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Question: Ohio - Employer resignation/termination

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  • Question: Ohio - Employer resignation/termination

    As an employer I have recently had an employee give two weeks notice. During those last two weeks job performance has dropped, they have not put in all hours as a salaried employer, and have been disgrunteled employee. Can the employer go ahead and terminate the employee, and instead of paying them their full salary, just pay them for the hours worked and cut the losses?

    They employee is salaried but has not worked all hours scheduled or even close to 40 hours per week.

    Anythoughts or suggestion would be apprecaited...

    thanks

  • #2
    sure you can welch.

    You could have accepted the resignation at any time. If the performance of the individual has dropped that much, cut them loose tomorrow.

    Pay them for every moment up until tomorrow that they worked, but not a moment more.
    Not everything that makes you mad, sad or uncomfortable is legally actionable.

    I am not now nor ever was an attorney.

    Any statements I make are based purely upon my personal experiences and research which may or may not be accurate in a court of law.

    Comment


    • #3
      You may terminate the relationship at anytime. However you must pay this person for time they were at work (even if not working) This is not welching. The employee terminated the relationship you are just accpeting his termination earlier than two weeks. Perfectly legal and done all the time
      http://www.parentnook.com/forum/

      Comment


      • #4
        the resignation was accepted, but since then the employee has reduced performance, not showed up for scheduled shifts, and been no doing all her assigned duties duringhte times she is at work.

        I want to fire and only pay her the wages she earned. a salaried employee, how does one just pay for the hours worked even thought she has not worked the hours she was scheduled and cut the losses??

        Comment


        • #5
          Example let say this persons salary is $500.00 a week that comes out to $100.00 a day on a five day work week
          http://www.parentnook.com/forum/

          Comment


          • #6
            Originally posted by joec
            If you welch he may sue you. I would. In Georgia mayby welching is in Vogue,your north of the Mason Dixon line you cant welch.
            JoeC
            Joe, north or south of the Mason Dixon is irrelevent.

            No matter where in the employee/employer relationship the current situation is, you never have to ignore poor performance. Ever.

            If anyone "welched", it was the employee that thought they could coast on the employer's dime.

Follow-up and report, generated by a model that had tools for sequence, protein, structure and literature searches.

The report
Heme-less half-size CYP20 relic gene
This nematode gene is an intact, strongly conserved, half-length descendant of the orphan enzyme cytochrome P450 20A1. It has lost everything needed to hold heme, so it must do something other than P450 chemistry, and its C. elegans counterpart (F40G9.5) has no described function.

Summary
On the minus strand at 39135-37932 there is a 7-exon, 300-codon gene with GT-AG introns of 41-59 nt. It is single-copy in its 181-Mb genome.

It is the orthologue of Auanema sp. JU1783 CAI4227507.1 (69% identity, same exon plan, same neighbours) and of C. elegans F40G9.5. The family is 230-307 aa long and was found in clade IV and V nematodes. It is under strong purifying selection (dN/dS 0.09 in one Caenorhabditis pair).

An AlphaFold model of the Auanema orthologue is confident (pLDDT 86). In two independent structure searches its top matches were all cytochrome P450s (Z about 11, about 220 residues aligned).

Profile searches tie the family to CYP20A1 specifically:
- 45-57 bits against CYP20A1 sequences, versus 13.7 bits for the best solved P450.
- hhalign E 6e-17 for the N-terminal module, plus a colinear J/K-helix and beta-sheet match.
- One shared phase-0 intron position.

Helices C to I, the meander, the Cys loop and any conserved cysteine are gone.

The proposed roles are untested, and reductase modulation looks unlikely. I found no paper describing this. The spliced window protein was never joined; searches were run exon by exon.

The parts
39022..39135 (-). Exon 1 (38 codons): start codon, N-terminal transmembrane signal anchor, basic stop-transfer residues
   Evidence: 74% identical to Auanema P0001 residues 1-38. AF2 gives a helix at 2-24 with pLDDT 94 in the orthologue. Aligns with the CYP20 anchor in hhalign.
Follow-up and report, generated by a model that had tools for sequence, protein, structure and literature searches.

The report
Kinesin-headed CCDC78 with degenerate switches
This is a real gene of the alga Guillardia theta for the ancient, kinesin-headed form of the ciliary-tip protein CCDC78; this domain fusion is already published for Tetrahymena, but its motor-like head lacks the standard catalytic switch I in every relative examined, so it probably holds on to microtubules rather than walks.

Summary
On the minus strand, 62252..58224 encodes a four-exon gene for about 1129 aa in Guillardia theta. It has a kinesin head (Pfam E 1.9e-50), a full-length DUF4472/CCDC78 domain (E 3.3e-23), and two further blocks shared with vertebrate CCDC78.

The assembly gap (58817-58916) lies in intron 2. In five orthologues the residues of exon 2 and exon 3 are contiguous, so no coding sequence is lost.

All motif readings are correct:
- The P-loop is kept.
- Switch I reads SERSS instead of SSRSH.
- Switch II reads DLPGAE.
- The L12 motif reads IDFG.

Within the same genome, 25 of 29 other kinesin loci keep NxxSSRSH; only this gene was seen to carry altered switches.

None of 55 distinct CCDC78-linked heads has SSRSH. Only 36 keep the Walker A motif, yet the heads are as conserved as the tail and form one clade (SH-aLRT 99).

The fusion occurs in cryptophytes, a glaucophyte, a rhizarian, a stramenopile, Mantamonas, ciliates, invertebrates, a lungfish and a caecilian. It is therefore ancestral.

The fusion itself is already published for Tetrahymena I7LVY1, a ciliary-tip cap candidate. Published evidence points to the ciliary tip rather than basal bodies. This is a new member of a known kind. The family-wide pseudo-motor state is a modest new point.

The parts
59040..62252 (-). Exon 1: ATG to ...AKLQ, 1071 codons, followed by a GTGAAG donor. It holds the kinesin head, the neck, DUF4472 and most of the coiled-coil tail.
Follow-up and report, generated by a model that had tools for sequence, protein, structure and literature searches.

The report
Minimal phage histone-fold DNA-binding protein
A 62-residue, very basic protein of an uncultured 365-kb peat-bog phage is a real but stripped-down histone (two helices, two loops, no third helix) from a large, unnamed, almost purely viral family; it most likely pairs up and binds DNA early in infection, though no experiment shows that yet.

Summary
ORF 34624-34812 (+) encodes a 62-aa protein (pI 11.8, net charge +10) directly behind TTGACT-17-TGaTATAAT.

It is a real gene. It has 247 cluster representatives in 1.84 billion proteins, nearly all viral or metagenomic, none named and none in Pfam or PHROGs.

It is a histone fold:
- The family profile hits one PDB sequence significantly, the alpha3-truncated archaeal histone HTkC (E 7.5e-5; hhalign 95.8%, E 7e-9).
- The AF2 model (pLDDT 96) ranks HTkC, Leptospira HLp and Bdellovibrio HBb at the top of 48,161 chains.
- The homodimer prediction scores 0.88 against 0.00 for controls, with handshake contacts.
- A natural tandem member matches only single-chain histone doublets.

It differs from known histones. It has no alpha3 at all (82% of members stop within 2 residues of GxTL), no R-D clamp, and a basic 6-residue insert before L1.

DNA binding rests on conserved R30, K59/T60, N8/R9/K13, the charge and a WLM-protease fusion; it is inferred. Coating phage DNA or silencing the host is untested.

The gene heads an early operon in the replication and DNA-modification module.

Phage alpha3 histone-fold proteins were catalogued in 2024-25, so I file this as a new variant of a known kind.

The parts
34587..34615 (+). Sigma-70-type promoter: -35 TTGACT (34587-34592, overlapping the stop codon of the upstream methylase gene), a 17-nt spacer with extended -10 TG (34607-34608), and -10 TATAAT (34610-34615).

Not everything that makes you mad, sad or uncomfortable is legally actionable.

            I am not now nor ever was an attorney.

            Any statements I make are based purely upon my personal experiences and research which may or may not be accurate in a court of law.

            Comment


            • #7
              Originally posted by joec
              No No No panther welching on a deal,where an employee acts in good faith giving a required two weeks notice at the convince of the employer. The employer like wise has to act in good faith,and accept the two weeks notice.

              If the employer welches the employee can sue in small claims court for the two weeks pay,and the judge has it at his discretion to award it. If he felt like it could slap punitive award. Thats done all the time as well,it is being done more,and more. Courts are basically saying a deals a deal.
              JoeC
              The employee hasn't shown up for shifts.

              Even one of your fly girls would see that wasn't proper performance.
              Not everything that makes you mad, sad or uncomfortable is legally actionable.

              I am not now nor ever was an attorney.

              Any statements I make are based purely upon my personal experiences and research which may or may not be accurate in a court of law.

              Comment


              • #8
                There was no deal to welch on. Joe is wrong! Employer often ask employees to leave before they finish their two week notice. read through these forums its done all the time and its legal! Yes it was a nice jesture to give notice but employee doe snot have to and employer doe snot have to accept a two week notice. Nor should employer pay him two weeks if he asks him to leave before that. If that were case we would all give a 20 year notice and never show up again!